The novel deadline is coming up. Thursday. I need an expanded synopsis and a first chapter to enter the next round of the contest (and a chance to be one of five people who get a thousand bucks and write the whole novel…for a chance at ten thousand and publications). Work is in full time progress and the deadline is buzzing at my ear like pregnant flies.
One of the metaphors I use for the “research” stage of a story is investigation. Figuring out the plot and who is involved in that plot and how it is told and lots of thousands of more subtly nuanced questions, is solving a mystery. Only you get to choose the paths that your investigation takes. The clues lead you to other clues and then to decisions and its as if the trail existed for you to follow all along, as if it wasn’t random.
You follow clues in song lyrics and anecdotes and memories and movies and literature. Day dreams become hard data with poignant leads. Accents and road maps and ghost stories are forensic evidence. Characters from books and film become witnesses and suspects. You gather the clues and the story and the people take shape.
Today was the last day of my investigation. So it was busy. Lots of leg work. I go to places where my suspects hang out – like bookstores and libraries and the internet. I bring along my utility belt…well, it’s more of a bag (satchel is the right term), my old friend, my uncomplaining Watson. Inside is my investigation kit which, at the moment, contains [I’m rummaging through it right now]: few books, my little leather journal, pens, my synopsis, a pocket rhyming dictionary (you never know), Advil (for headaches) and a condom for…wait a sec…why do I…uh…never mind…
I had to talk with my informant, Poe – had to visit the crime scene at the Rue Morgue – talked with an opium fiend and asked him why he was so obsessed with the lady Ligeia – asked a monomaniac why he had pulled out the teeth of Berenice – went to Key West to ask a self proclaimed Baron why he stole the body of his “beloved” and lived with it for years – visited Sin City and asked Marv why he went up against all odds for a dead hooker named Goldie, sat in the rain and listened to how Sin City folk talked, watched the action to see how noir and pulp mysteries play out – read up on the order of proceedings during crime scene investigations and autopsies – talked with forensic pathologists – conversed with a caravan of Yugoslavian Gypsies about their belief that pumpkins left outside to rot, become vampires – got a first hand account of the effects of excessive absinthe consumption…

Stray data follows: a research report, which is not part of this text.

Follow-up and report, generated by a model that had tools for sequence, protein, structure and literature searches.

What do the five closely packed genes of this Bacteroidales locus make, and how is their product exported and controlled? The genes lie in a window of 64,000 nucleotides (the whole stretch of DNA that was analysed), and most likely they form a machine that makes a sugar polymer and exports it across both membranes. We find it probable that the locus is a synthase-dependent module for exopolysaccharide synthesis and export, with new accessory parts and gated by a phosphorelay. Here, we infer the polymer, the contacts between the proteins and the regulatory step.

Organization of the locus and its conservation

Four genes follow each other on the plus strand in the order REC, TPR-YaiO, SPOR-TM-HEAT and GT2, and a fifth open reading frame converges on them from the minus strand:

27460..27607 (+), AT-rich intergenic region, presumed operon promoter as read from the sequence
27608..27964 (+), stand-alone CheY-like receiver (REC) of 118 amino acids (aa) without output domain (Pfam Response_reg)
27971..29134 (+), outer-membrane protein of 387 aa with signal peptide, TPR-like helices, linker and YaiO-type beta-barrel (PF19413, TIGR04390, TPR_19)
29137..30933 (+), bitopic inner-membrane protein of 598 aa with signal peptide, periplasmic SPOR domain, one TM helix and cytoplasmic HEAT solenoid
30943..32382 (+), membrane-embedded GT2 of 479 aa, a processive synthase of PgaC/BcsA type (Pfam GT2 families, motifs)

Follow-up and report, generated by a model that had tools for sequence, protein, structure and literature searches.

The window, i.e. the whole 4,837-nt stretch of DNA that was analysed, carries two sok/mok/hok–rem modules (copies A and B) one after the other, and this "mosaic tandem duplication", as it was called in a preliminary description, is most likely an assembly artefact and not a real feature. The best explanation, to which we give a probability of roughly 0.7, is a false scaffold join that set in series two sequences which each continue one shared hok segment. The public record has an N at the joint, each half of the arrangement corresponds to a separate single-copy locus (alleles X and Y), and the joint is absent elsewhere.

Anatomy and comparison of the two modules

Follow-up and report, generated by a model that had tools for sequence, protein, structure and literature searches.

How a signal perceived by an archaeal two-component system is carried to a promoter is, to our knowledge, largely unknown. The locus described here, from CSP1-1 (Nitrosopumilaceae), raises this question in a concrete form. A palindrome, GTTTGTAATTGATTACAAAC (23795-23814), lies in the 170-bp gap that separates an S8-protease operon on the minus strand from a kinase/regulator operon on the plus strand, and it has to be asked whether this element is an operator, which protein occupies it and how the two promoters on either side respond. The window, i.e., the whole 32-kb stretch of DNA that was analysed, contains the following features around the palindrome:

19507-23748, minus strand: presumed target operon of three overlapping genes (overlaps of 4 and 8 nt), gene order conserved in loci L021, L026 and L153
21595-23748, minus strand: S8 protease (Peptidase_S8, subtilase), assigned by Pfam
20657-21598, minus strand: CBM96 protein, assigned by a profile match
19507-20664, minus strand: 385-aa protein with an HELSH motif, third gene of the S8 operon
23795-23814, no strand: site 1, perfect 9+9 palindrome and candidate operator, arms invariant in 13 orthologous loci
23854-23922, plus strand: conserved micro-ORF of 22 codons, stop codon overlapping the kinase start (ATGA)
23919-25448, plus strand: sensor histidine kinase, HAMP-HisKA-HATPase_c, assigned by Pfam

…and all of these led me to a place.
My other metaphor for the research stage is Grave-digging. With a mad scientist’s planning, I dig up all sorts of body parts…character quirks, voices, arms, legs, metaphors, phrases, rhyme schemes, an eyeball, a brain. I tend to right stories in chunks, rather than straight through. Maybe I figure out a paragraph in the middle before I write the beginning. Maybe I write the end first. I gather these pieces together. I dig in my old journals and sometimes old stories for characters or anecdotes or strange facts that don’t have a permanent home yet. I take all these bits and sew them together. Then, I throw the switch. Revision is the process of making the stitch marks more seamless until you’d never know. Frankenstein made his mistake when he thought he could get a beautiful being out of his first draft. Lazy bastard…
Well. I’ve got the mystery. Got the body parts. Time to assemble them together…at least for a first chapter (we’ll call that the head). I’ll sew it together tomorrow night and put a brain in it and throw the switch sometime on Thursdays before I email the monster in.
But the sun is up and it’s time to sleep now.
I’ve got grave dirt everywhere…
LOVED this post Josh. You are a great writer! Good luck with the novel!!!
thank you 🙂
You’re gonna kick ass all over the place.
Then I’ll have to clean it up….ass all over the place (in the walls and ceiling) can really stink up the place on the 3rd day.
I like your gravedigging idea. you may have mentioned it before…but something about it made me think of that Patchwork Girl CDROM I was going to let you see. That is the interactive–hypertext, sorry, rewrite of Frankenstein by Shelley Jackson (actually, the way she puts it is Mary Shelley Shelley Jackson…very odd duck, that one). I think you’d like it. Next time you are around, remind me (unless I remember) and i’ll let ya take it with ya…I don’t think I’ll ever need it again… 🙂
oh yeah, i have every confidence that you will do very well in this competition. best of luck with everything 🙂
Thanks man. Appreciated.